M.D. Graduates: From Glut to Shortage

Dan Greenberg

doctorHow many physicians are needed to care for the population of the United States?

There’s no sure answer. Nonetheless, given the long lead times required for expanding doctor training, the medical-education establishment is on a track aimed at increasing output 30 percent by 2020. Five new allopathic schools are in the works, which will bring the national total to 134, and many schools are expanding class sizes. Expansions are also under way in osteopathic training, which now numbers 25 schools.

In the economics of higher education, there is nothing like a medical school for gobbling up money. Class sizes are tiny — often around 100 — and faculty members far outnumber students. Labs are necessary for the pre-clinical years, and hospital affiliation is a must. Little wonder, then, that groundbreaking for a new medical school is a rare event.

Great uncertainties about expansion are acknowledged even by advocates, including the allopathic Association of American Medical Colleges. Warning of the “many unknowns that make forecasting future supply and demand very difficult,� the AAMC states that “an increase at this time, with continuing monitoring of developments and trends in supply and demand, is the most prudent approach.�

Until just a few years ago, the medical establishment and federal health authorities frequently warned of an M.D. glut, with attendant implications of idle doctors needlessly drumming up business and accelerating runaway costs of medical care. Reflecting the glut fears, limits on training slots held the number of M.D. graduates in the U.S. at about 15,700 per year from 1980 to 2005; the number of allopathic medical schools remained at about 125. Given the population growth of some 70 million in that 25-year span, the standstill in domestic graduates was remarkable, even allowing for foreign-trained physicians making up 25 percent of the medical workforce.

The turnabout in forecasting of needs comes from a convergence of factors that seem to point toward a coming shortage. A growing and aging population requires more medical service. Doctors are opting for fewer work hours and are retiring younger. Female doctors — an increasing portion of the medical workforce — tend to work fewer hours. Managed care, which aimed to reduce utilization of medical services, is out of favor. New medical technologies are a puzzler. Imaging devices, for example, can improve diagnostic methods, saving time and money; and they can also provide opportunities for uselessly running up the tab.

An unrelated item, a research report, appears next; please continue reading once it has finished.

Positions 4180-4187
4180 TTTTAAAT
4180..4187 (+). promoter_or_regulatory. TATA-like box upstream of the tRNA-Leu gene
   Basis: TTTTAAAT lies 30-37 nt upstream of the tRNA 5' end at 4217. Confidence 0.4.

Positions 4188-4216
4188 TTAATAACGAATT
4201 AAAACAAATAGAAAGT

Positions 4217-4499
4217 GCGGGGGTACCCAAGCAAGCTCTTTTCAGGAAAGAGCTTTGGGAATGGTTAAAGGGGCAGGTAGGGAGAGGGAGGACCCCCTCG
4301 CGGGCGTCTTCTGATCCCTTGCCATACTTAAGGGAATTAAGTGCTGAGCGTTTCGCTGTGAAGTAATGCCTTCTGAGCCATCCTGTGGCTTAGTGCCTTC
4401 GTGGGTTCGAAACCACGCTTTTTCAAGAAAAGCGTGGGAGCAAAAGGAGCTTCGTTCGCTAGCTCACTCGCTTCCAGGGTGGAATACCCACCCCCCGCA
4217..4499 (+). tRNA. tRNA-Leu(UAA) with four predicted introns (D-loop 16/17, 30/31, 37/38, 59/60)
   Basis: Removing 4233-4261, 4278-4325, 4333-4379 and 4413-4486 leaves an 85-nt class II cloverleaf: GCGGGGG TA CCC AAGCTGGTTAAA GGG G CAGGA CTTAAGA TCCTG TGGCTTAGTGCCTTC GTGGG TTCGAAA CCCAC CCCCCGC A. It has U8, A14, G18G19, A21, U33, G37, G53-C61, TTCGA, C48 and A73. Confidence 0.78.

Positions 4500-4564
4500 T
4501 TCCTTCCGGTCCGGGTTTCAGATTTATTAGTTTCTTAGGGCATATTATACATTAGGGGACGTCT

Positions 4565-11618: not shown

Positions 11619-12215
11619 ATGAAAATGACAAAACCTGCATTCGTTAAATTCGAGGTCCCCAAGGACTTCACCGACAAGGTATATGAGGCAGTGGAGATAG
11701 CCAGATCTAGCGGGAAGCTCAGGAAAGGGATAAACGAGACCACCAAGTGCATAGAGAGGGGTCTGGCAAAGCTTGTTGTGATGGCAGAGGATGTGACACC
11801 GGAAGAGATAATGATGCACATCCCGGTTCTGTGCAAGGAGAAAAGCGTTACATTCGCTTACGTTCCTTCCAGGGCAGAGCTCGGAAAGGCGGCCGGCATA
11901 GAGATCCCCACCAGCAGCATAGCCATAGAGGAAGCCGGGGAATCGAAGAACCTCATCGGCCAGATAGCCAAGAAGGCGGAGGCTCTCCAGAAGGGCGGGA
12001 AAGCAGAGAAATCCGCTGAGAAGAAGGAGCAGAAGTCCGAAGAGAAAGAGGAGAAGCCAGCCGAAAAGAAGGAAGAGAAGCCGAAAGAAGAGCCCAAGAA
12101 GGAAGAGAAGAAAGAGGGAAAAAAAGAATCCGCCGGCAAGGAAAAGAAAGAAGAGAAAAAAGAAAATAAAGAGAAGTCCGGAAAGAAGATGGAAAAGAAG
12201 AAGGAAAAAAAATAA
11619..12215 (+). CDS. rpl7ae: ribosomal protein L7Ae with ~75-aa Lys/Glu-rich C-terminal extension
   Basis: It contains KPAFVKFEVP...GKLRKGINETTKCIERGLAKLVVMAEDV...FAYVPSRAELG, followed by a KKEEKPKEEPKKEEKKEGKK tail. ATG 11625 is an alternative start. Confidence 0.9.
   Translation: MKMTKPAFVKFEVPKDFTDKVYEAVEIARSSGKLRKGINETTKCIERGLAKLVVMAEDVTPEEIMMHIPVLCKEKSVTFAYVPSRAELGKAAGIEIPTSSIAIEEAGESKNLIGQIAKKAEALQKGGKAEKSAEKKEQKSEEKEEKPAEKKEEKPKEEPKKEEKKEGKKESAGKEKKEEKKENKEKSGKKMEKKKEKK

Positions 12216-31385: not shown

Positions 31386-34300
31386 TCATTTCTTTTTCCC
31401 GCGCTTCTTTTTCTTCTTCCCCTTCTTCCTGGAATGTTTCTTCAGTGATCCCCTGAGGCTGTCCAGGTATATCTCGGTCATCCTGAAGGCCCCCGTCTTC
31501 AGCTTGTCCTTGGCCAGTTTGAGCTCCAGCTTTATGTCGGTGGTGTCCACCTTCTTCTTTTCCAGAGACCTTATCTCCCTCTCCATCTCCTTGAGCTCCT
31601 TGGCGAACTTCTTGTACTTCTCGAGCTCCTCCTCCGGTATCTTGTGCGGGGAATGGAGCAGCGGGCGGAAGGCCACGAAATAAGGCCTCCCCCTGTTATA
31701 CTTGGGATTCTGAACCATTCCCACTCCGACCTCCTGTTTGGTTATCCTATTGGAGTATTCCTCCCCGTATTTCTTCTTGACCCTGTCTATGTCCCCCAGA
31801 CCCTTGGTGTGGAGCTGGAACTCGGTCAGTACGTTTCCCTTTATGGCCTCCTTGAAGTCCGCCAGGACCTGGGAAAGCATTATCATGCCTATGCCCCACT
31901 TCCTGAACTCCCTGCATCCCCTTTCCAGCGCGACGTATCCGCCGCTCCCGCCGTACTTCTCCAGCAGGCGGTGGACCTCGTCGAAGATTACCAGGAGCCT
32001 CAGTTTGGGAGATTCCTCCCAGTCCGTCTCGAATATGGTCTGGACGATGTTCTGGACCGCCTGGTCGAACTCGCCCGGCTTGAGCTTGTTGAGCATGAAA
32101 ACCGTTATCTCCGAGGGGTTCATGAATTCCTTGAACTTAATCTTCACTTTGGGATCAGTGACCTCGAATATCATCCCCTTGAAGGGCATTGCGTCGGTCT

Foreign comparisons of physicians per capita cast no light on the American medical landscape. The U.S. numbered 264 M.D.‘s per 100,000 of the population in 2000, according to the Organization for Economic Cooperation and Development. The ratio was over 300 per 100,000 in Sweden, Germany, Spain, France, Denmark, Switzerland, Austria, Italy, and Belgium. Other medically advanced countries had fewer doctors per 100,000: Australia, 244: New Zealand, 223; Canada, 210; Britain, 201, and Japan, 193.

If the expansion leads to the feared glut, a tempting solution would be a reduction in the admission of international medical graduates to U.S. residency training. A good-deed rationale can be attached to such restrictions: Many of these physicians are from developing countries that need their services. But U.S. domestic politics also gets involved. Many of the foreign graduates take inner-city and rural jobs that homegrown doctors generally shun, as members of Congress from those less-favored areas point out when cutbacks on the foreigners are proposed. The physician shortage in such areas would be far worse without foreign graduates.

Other factors are coming along to further complicate medical-workforce planning.
The outsourcing of some M.D. services, once deemed impractical, has arrived, via the Internet. X-rays can be expertly read in low-wage countries. So-called medical tourism, in quest of skilled medical services in low-cost countries, is catching on. A national health-insurance scheme, or a broadening of existing insurance coverage, is likely to follow the presidential election. The impact on medical-workforce needs is another uncertainty, but if cost constraint is a goal, the surest means is through restraints on utilization, which means reduced medical service.

At lower cost, it’s argued, nurse practitioners and other non-M.D. health-care workers can provide many medical services now restricted to physicians. But attempts at jurisdictional changes set off turf battles.

It’s tempting to berate the medical establishment for its stumbling about in uncertainty about medical workforce needs. The sudden turnabout on glut and shortage is puzzling, given that population growth and aging, and many of the other factors now cited, were evident many years ago.

Nonetheless, the available evidence seems to point to shortage. And, as the AAMC suggests, an expanded output in coming years is a prudent approach.

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